“Right, that’s it,” she heard a steely-voiced neighbour say, and a door banged with such force that she feared for the animal’s safety. The barking stopped. The neighborhood seemed to hold its breath. But a car started up and was driven off and the barking resumed with renewed determination.
“Shut the fuck up, you stupid fucking animal, shut the fuck up!” the mother raged silently in her head as Dickie Greenleaf’s dog barked and howled. The mother half-wanted her baby to wake, so that its indignant cries would add to the general misery of the situation and Dickie Greenleaf could later be made to feel even guiltier. But the baby did not wake. He had been well worn out at the beach this afternoon, chasing seagulls. The birds would hop a few metres away and the baby would follow, and then when the birds finally flew a long way away, he gave them a look as if to say, “Hey, that’s not playing fair!”
Hours seemed to pass and then the mother could not take it any longer. She wrenched open her back door and stumbled out into the darkness with the intention of screaming out to no-one in particular, “DICKIE GREENLEAF, YOUR DOG IS DRIVING ME INSANE!” She thought she would feel better after that, but the words were forgotten when she looked up into the night sky and saw all the stars had gathered around the moon as if in earnest conference.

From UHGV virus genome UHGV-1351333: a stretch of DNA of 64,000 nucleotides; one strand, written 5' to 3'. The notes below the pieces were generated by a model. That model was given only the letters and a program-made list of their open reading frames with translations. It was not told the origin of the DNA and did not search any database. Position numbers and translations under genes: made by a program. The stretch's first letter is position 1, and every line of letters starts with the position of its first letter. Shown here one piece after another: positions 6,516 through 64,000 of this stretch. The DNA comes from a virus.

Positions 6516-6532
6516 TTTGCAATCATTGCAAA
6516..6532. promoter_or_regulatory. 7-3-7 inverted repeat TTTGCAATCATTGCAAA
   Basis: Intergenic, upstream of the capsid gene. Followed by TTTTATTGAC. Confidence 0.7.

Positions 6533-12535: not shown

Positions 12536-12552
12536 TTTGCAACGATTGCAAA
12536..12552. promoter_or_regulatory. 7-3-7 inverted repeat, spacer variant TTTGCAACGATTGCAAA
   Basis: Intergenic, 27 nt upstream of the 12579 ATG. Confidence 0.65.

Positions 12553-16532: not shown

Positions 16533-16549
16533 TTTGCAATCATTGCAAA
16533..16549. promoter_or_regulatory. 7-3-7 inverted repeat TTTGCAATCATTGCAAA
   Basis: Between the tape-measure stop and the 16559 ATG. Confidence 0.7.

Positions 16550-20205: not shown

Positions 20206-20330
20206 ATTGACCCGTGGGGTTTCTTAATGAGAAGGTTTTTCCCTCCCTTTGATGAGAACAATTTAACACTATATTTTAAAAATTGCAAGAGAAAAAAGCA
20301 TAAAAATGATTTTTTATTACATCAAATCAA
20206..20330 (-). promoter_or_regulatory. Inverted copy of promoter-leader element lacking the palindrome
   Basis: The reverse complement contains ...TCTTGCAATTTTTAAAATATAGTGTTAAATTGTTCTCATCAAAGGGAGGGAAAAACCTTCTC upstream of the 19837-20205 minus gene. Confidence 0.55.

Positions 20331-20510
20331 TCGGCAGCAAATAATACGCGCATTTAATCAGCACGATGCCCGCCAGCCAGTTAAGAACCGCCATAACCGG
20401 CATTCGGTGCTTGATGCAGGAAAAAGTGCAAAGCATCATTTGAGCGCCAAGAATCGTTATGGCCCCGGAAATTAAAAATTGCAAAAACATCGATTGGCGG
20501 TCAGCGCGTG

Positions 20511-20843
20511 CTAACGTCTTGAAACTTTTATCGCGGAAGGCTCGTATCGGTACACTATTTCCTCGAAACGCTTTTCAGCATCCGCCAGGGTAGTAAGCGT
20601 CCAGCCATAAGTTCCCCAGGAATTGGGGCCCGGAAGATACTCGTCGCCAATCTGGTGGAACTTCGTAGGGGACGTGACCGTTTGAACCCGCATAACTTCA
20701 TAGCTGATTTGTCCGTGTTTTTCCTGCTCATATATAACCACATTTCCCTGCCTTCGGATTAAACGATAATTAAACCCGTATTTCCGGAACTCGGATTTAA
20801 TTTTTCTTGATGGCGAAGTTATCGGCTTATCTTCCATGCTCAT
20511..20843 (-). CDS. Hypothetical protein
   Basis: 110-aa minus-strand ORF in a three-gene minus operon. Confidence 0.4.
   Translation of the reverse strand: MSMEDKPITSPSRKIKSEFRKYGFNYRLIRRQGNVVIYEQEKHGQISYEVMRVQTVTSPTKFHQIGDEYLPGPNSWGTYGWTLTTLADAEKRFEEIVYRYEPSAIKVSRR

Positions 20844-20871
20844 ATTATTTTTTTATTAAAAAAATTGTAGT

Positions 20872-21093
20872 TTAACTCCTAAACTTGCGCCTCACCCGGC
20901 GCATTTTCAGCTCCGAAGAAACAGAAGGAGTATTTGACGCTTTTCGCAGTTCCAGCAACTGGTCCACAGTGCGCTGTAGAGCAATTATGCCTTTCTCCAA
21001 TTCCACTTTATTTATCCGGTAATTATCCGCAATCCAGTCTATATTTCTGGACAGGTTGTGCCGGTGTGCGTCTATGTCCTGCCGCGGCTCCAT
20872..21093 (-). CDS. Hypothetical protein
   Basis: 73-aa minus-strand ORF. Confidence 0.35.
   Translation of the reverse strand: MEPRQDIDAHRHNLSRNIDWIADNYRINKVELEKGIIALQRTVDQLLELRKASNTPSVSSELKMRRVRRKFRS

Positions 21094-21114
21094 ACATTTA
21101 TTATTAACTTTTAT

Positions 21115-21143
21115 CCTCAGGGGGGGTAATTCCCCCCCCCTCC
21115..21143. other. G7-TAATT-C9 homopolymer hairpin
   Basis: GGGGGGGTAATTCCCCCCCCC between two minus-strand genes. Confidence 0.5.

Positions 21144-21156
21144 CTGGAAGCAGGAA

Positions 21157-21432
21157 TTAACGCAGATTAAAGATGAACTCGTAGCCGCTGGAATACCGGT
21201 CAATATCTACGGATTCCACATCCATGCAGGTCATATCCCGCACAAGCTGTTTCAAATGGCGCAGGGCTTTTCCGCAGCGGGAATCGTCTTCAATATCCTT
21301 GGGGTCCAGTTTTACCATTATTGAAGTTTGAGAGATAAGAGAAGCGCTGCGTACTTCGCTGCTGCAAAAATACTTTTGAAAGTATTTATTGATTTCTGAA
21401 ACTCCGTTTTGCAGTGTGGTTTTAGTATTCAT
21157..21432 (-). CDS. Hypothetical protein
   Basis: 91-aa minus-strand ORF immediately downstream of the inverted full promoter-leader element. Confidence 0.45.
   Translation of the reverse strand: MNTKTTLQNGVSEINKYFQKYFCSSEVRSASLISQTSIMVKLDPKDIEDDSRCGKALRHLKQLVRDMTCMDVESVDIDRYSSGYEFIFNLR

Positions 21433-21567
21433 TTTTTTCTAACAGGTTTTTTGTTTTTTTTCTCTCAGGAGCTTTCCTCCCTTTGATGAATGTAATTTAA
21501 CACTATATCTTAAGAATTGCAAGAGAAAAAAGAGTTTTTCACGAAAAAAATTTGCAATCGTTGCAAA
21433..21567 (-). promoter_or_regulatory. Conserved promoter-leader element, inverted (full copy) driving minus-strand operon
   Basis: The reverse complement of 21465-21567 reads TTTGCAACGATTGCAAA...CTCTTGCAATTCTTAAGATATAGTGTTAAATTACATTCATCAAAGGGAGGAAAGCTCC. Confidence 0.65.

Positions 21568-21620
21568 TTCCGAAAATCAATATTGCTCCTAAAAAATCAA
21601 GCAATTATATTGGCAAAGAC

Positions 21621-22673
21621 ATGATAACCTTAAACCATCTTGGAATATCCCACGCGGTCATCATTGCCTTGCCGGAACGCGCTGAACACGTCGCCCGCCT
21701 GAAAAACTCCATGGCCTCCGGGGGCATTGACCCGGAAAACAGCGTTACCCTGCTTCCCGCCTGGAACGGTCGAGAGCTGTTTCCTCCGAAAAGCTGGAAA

It had been a long time since she had looked at the stars.
The mother remembered a friend had once told her how she liked to moonbake. The mother took a towel off the line and spread it out on the buffalo and she laid down on it. She put on her sunglasses and peeled down her bikini top straps and looked up at the moon but she could not make out its face.
After a few minutes she became aware the dog had stopped barking. There was an expectant silence as the mother and the moon and the stars and the angry neighbours all waited to see if the silence was going to hold.
The mother noticed how it wasn’t just silence they were listening to. She could also hear crickets and the roar of the ocean as it threw itself against the beach, and there was a car being driven urgently somewhere in the distance.
It was then that the mother saw the moon’s face.
The mother got up and went inside and just then Dickie Greenleaf’s car pulled up and the dog began barking again, but this time with hysterical joy, and the mother switched on her computer and began typing this post.